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Down with the Sickness




In the interest of full disclosure…I've had Covid19.

Yep. I remember it well! January 28th. WAY before anyone in the United States was thinking about Covid.

I woke up sick in the middle of the night, a wave of nausea that drove me to the porcelain bus. The nausea didn't last, though. It was replaced by the worst stomach pain I've ever had. A pain that, over the course of a couplethree days, settled into a tight knot at the bottom of my stomach. That just wouldn't go away. At the end of February, I saw my PCP. I explained my symptoms, not all of which tallied with the usual symptoms of food poisoning—especially the freaky fatigue thang.

That's right, I'll call it fatigue, but it really was something else. I'd never had such a feeling before. It was like walking through neck high water while wearing body armor. I shit you not! I would try to stand up from the bed…and it would take a real effort to get up. That was incongruent with a food poisoning diagnosis.

I mentioned to my PCP that I thought it was odd that I'd broken fever. I'd had a night with waking multiple times drenched in sweat—classic signs of a breaking fever. This, too, was inconsistent with food poisoning.

I did not mention that I'd had a couple days where I'd had a distinct shortness of breath—believing at that time that the shortness of breath was due to overmedicating with marijuana. Definitely not the kind of thing you'd associate with food poisoning.

Even the fact that the symptoms had lingered for five weeks didn't sound right for run-of-the-mill food poisoning.

But.


Nobody knew. It was way too early for people to have any idea of what was actually going on. January 28th was way earlier than what the government admits to in terms of when the virus hit town. It would be weeks before the picture began to coalesce. And at first it was being viewed strictly as a respiratory illness. It would be additional weeks before it was understood that there was a gastrointestinal manifestation of symptoms that would eventually be identified as Covid related.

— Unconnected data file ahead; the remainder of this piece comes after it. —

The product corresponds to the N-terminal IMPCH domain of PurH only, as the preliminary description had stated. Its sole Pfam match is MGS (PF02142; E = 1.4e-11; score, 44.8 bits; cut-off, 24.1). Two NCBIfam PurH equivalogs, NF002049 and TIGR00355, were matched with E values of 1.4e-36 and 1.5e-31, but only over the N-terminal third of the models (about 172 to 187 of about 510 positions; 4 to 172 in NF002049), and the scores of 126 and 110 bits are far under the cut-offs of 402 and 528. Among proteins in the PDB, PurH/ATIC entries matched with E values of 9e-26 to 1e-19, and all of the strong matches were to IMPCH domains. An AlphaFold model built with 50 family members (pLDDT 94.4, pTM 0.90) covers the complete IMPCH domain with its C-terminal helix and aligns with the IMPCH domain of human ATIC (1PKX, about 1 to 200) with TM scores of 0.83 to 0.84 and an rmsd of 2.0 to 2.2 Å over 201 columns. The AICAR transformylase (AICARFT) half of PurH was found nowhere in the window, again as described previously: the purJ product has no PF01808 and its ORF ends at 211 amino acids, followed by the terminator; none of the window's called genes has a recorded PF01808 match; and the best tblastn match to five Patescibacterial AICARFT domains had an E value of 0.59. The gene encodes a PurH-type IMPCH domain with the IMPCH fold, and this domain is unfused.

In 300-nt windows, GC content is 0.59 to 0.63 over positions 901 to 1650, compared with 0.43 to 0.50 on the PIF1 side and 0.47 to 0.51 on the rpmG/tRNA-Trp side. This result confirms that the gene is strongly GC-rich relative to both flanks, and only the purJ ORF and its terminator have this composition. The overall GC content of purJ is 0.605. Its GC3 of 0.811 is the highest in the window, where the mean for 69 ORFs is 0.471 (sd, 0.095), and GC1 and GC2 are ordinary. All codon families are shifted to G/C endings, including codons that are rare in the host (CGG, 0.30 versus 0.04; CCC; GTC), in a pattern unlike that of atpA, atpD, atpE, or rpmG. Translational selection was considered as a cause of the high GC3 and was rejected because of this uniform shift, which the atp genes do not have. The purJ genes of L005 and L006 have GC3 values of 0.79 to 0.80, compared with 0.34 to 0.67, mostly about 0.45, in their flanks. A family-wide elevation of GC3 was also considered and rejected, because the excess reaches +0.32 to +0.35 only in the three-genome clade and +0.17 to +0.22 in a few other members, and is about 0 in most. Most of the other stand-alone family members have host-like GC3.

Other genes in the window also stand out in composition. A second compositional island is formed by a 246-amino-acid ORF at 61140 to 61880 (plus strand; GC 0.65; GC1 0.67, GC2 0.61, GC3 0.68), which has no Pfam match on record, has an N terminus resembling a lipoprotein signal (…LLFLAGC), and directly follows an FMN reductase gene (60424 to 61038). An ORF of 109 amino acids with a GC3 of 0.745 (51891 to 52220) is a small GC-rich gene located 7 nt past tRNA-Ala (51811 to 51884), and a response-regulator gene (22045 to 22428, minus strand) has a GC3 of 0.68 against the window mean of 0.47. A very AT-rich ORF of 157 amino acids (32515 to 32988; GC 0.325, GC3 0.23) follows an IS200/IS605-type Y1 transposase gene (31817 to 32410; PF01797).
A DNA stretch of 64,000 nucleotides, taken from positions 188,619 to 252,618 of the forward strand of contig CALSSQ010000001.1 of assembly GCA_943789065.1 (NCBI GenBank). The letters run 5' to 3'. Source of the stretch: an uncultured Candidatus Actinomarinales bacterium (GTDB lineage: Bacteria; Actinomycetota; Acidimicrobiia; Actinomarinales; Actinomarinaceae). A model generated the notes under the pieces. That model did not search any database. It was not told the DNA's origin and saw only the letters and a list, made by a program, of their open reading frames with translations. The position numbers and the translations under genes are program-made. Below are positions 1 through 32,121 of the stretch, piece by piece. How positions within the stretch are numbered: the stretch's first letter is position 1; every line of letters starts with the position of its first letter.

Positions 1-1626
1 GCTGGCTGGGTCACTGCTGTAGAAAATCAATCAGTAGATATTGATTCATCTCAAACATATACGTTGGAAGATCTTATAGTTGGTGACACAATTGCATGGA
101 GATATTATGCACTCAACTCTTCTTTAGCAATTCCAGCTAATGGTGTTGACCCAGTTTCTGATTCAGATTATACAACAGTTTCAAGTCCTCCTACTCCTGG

When it dawned on me that I'd had the dreaded disease, I asked my doc for an antibody test. At the end of March, I tested negative for antibodies. However, the doctor told me that the test was only 60% accurate and the guy that drew the blood samples for the test that day had to study documentation for how to perform the procedure for fifteen minutes before he put the needle in me. (As per my usual, he was unable to find a vein on my arm and had to use one on the back of my hand.)

So. Now you know.

It's freaky to listen to the symptoms and conditions that are associated with post Covid behavior. There're supposedly wide-ranging consequences, especially with respect to cardiac health. Yikes! Early in the pandemic I saw a couple of articles that said exercising is good. Now, I'm seeing ones that say stay away from heavy exercise. Oops. When I go out on the bike, I push myself. I'm not fanatical about training, I don't do any distance. But I do get going on my little five to six-mile loops.

Hey, my preferred way to die is on my bicycle! Don't threaten me with a good time. It's like my friend Black John used to say: "Whenever I feel chest pains, I get down and start doing pushups so my heart blows up." Whenever I feel chest pains, I get on the bike and pedal like a madman…

In addition to my initial bout of Covid…I had a second spell, in late April, where Covid like symptoms surfaced for a couple three days. At that time, science wasn't addressing re-infection. Now the science is suggesting that it is possible to re-infect.

I'm pretty sure we'll never know the true path this virus has taken, not my personal trajectory, nor the infinite number of vectors that have raged un-intercepted through the citizenry of this country.

And despite my apparent experience of the virus, I'm still maskin' up, and washin' up, and distancing up, operating as though I'm in a vulnerable group (which I am, a sexagenarian, among other categories).

I wish there was something more…informative. About my experience with the virus. Oddly, here, at the end, I'm not sure what my point is. Maybe there doesn't need to be one…except…it makes you think. About how I'm not one of the government's numbers. I wonder how many more people there are like me?


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